Location: Cell and Genomic Science Building, Grossman Auditorium, 400 Farmington Ave, UConn Health, Farmington CT (Plenty of free parking)

Food and beverages will be provided. This event is free and open to the general public. Space is limited.

Please RSVP to Dr. Helen Wu (zwu@uchc.edu) or Dr. Chia-Ling Kuo (kuo@uchc.edu). We look forward to seeing you at this interactive event with Dr. Fortinsky.

Event: CICATS Science Cafe on Structural Biology Meets Drug Discovery @ UConn – 9/11/17 @ 4:00PM

Date: Monday, September 11, 2017

Time: 4:00-7:00 PM

Place: Nathan Hale Inn on the Storrs Campus

Sponsored by the UConn Partnership for Excellence in Structural Biology, CICATS and The Kavli Foundation

Featuring: Dr. Jonathan Moore, Senior Research Fellow and Vice President, Vertex Pharmaceuticals

Followed by Group Discussion on Challenges and Opportunities moderated by Drs. Sandra Weller (UConn Health) and Dennis Wright (UConn Pharmacy), co-leaders of the CICATS Drug Discovery Core Interest Group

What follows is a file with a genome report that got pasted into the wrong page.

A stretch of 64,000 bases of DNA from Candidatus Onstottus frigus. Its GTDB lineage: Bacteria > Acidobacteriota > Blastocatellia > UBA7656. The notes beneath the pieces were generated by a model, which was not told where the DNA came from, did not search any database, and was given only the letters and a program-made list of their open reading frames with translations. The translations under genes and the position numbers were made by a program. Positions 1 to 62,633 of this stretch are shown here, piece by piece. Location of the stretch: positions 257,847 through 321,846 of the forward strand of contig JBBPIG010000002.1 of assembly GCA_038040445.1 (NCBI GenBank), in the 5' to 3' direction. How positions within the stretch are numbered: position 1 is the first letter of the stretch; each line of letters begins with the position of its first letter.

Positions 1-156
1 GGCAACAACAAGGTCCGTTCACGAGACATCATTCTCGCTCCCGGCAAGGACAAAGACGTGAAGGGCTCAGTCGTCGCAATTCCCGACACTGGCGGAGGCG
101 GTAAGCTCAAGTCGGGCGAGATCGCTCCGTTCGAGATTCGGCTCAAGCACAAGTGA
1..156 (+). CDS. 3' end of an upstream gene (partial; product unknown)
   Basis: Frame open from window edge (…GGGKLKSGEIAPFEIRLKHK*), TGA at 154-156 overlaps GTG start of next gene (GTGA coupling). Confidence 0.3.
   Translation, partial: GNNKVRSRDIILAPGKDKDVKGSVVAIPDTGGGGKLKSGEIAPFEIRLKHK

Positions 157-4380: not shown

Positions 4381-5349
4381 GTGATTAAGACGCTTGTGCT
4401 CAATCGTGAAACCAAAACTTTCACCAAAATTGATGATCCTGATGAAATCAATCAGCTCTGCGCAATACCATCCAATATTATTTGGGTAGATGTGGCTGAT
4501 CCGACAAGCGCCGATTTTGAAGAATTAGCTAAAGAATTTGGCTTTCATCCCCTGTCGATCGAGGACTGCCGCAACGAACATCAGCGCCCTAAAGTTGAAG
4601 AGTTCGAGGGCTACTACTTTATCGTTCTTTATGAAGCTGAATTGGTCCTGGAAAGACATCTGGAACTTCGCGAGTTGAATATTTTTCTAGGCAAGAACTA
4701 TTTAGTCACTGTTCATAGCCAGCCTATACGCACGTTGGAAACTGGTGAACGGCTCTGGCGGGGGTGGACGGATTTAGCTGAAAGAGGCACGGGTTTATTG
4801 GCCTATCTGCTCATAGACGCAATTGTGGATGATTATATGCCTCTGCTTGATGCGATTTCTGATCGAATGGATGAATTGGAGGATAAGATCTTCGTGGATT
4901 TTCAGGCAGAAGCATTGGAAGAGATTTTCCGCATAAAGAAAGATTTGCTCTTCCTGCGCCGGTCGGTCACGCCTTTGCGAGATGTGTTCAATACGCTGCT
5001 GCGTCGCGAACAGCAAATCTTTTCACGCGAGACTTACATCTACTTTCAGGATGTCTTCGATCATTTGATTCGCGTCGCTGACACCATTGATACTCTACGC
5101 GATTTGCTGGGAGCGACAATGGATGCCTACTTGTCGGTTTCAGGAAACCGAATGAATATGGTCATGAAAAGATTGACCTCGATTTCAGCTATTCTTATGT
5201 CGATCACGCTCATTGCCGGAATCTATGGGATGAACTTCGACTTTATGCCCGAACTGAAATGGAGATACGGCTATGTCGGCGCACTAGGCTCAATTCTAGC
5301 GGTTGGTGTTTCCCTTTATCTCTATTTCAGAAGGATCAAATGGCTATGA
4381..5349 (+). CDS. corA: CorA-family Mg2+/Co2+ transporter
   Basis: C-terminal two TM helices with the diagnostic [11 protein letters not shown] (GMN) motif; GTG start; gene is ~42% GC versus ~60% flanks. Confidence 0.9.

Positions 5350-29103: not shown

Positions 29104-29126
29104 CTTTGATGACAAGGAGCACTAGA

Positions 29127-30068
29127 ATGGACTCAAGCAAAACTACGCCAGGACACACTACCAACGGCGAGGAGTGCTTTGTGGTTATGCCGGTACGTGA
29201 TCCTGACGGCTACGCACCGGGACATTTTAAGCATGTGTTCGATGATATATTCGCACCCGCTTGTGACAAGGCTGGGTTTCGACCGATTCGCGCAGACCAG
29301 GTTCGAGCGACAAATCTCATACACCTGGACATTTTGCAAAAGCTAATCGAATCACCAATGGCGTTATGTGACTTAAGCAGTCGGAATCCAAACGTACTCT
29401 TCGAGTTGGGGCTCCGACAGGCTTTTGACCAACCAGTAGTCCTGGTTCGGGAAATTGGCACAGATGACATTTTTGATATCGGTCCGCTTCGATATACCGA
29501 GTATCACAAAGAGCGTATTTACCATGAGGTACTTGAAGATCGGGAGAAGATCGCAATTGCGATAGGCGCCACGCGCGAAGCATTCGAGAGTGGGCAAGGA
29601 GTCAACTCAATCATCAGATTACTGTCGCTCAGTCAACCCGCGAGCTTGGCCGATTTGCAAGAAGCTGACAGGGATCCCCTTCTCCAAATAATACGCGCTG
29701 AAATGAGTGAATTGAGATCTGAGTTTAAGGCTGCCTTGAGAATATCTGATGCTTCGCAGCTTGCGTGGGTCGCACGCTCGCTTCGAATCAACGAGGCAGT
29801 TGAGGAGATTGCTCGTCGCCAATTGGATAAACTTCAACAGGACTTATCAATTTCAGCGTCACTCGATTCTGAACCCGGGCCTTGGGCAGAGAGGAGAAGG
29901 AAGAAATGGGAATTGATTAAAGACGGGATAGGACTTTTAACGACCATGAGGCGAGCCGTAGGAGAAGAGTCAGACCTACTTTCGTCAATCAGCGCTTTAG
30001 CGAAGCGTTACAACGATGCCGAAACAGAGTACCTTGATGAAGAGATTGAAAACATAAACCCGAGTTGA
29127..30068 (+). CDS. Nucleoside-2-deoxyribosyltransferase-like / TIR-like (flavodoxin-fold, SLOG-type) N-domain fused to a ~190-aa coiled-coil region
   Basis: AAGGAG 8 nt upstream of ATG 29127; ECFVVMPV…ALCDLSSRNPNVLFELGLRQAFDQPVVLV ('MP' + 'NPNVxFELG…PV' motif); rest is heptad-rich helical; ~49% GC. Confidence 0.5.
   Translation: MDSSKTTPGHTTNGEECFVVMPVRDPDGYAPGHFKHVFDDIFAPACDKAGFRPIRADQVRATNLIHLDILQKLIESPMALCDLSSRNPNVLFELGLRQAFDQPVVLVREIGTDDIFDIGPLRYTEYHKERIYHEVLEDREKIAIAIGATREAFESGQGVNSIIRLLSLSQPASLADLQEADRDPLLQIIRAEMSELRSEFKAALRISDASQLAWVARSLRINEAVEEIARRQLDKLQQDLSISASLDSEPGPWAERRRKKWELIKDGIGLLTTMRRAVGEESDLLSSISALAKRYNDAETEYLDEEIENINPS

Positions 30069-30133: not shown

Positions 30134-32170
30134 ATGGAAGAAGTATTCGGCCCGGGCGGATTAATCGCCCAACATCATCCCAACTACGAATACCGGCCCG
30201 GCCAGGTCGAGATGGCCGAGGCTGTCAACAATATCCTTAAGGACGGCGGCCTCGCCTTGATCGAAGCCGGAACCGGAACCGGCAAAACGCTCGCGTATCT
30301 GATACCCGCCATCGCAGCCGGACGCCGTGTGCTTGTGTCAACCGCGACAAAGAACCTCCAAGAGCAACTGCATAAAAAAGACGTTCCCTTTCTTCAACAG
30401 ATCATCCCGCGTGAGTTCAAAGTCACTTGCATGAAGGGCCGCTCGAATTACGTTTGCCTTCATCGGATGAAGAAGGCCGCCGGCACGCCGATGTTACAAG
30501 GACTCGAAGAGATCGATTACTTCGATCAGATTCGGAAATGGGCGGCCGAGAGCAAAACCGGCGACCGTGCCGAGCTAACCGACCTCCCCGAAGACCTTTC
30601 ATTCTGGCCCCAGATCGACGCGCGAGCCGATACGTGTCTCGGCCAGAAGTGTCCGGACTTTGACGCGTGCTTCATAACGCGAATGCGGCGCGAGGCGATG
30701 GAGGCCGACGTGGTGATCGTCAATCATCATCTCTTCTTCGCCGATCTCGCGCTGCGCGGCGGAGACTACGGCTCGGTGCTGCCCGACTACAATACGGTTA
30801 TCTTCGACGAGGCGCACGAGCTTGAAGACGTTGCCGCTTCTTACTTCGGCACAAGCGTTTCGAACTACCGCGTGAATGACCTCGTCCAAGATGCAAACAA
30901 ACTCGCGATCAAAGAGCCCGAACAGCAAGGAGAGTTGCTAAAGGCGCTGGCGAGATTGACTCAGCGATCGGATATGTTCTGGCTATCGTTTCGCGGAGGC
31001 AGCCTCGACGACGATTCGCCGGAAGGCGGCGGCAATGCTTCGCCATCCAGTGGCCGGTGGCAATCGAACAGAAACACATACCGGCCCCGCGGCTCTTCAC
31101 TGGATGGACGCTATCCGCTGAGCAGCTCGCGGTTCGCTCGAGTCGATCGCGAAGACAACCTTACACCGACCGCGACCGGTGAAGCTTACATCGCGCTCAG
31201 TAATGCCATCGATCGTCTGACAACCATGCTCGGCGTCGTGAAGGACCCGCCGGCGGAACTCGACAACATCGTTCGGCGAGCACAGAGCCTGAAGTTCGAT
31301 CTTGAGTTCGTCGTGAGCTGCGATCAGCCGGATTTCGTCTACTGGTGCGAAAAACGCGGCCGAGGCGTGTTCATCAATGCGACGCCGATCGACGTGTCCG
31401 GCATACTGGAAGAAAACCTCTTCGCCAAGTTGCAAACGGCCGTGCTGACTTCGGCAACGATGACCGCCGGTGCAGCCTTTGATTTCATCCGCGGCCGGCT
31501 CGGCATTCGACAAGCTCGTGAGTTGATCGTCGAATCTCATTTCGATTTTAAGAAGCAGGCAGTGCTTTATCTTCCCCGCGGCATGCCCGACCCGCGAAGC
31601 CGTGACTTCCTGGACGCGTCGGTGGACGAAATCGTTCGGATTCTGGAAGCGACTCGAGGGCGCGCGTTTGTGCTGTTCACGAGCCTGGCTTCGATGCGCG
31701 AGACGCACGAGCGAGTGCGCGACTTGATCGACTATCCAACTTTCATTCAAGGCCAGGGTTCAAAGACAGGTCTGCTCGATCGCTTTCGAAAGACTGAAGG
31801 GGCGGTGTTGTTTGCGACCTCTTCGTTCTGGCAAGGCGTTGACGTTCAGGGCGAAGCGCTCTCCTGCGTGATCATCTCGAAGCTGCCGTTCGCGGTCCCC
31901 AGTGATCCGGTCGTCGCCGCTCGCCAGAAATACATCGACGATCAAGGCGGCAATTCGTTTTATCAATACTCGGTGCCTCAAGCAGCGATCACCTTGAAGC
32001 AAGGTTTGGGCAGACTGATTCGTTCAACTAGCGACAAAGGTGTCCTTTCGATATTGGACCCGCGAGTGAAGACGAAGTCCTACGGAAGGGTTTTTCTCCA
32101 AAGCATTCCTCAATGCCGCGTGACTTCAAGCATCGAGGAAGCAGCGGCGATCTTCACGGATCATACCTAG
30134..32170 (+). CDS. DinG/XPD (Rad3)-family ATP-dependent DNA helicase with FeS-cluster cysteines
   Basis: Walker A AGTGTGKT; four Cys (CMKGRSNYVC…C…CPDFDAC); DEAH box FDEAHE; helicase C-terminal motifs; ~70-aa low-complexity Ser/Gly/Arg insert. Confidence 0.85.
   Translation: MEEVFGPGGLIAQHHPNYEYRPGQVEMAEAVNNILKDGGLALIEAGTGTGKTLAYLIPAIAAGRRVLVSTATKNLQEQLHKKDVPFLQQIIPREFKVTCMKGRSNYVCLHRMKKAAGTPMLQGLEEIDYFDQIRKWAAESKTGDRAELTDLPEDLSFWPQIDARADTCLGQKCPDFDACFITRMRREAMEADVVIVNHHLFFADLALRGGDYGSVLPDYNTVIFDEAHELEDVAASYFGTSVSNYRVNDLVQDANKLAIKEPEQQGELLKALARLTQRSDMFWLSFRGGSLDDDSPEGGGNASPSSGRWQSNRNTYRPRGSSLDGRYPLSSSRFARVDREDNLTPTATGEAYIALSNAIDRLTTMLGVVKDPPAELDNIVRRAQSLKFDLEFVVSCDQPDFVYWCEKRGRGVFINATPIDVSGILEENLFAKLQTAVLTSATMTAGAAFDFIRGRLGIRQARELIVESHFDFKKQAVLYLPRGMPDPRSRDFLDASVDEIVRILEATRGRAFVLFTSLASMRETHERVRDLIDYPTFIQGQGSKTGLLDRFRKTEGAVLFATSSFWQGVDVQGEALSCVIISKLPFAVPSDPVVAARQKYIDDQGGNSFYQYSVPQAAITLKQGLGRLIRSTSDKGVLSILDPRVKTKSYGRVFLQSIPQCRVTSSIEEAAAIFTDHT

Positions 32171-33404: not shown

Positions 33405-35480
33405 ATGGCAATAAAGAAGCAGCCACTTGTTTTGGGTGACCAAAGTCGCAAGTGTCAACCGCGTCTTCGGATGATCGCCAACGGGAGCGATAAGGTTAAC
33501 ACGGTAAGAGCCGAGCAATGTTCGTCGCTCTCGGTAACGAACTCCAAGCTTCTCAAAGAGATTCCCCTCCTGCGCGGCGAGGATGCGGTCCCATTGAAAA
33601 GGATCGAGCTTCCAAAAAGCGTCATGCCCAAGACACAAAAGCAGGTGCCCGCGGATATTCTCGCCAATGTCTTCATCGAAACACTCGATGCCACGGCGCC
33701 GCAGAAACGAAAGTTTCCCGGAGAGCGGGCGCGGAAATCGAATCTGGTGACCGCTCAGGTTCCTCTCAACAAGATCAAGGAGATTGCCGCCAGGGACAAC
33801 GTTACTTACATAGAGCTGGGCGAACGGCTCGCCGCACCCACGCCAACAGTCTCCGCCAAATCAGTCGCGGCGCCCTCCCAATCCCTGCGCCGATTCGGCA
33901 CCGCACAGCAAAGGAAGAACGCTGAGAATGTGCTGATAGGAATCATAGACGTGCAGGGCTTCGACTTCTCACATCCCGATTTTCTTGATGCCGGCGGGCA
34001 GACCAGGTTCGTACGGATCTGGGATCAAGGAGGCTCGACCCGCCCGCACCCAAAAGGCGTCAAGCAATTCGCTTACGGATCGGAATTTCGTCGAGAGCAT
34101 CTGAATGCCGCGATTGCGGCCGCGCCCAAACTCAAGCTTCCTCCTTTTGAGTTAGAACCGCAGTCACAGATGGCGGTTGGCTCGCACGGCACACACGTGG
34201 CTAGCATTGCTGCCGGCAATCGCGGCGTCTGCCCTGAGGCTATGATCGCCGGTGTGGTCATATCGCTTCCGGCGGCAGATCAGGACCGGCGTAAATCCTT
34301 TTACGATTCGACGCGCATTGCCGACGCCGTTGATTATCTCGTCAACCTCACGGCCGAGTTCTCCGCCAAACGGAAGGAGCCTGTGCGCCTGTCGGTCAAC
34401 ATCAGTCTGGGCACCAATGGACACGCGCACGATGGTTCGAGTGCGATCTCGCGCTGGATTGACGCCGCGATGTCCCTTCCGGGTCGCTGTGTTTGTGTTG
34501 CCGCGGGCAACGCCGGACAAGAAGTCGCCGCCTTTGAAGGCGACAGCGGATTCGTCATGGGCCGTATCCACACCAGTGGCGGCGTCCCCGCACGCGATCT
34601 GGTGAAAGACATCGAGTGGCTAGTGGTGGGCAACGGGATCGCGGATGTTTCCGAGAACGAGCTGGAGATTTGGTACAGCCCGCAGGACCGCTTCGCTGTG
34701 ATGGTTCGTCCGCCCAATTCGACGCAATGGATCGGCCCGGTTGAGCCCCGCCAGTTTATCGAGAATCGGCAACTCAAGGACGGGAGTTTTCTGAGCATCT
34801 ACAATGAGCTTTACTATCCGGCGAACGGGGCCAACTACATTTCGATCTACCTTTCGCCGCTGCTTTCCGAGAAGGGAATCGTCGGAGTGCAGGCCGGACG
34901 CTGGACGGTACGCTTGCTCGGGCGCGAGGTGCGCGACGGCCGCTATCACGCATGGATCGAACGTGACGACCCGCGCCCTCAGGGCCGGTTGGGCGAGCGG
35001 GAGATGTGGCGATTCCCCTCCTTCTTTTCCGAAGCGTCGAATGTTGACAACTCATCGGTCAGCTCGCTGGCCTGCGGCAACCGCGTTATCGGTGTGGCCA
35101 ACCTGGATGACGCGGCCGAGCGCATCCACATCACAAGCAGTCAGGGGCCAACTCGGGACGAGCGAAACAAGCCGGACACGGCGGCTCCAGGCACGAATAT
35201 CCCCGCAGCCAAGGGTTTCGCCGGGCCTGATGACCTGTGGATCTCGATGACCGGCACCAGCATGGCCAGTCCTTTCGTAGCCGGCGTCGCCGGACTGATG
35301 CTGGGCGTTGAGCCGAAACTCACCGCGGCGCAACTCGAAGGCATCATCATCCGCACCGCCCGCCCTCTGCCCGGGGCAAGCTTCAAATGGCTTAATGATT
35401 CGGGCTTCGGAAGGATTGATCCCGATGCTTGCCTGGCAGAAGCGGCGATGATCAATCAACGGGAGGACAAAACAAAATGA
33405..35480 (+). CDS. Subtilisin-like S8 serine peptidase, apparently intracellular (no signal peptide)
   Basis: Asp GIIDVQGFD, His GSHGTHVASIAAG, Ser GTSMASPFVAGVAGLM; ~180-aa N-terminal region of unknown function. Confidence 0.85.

Light supper will be served.  Attendance is free and open to the public.

Registration required via email to pschultz@uchc.edu


New Course in the Master’s program in Clinical and Translational Research

CICATS’s Master of Science Program in Clinical and Translational Research is offering a new course in Fall 2017, entitled “CLTR 5360: Critical Issues Involving Science Publication:  The Scientific Review (3 credits, class # 17063).” The course will be taught by Cato Laurencin, MD, PhD; Helen Wu, PhD; Kevin Lo, PhD; and Jorge Escobar Ivirico, PhD.  The course registration via Graduate School is open to clinicians, residents, medical students, MPH students and graduate students who are interested in clinical and translational research.

If you have any inquiries, contact Dr. Helen Wu.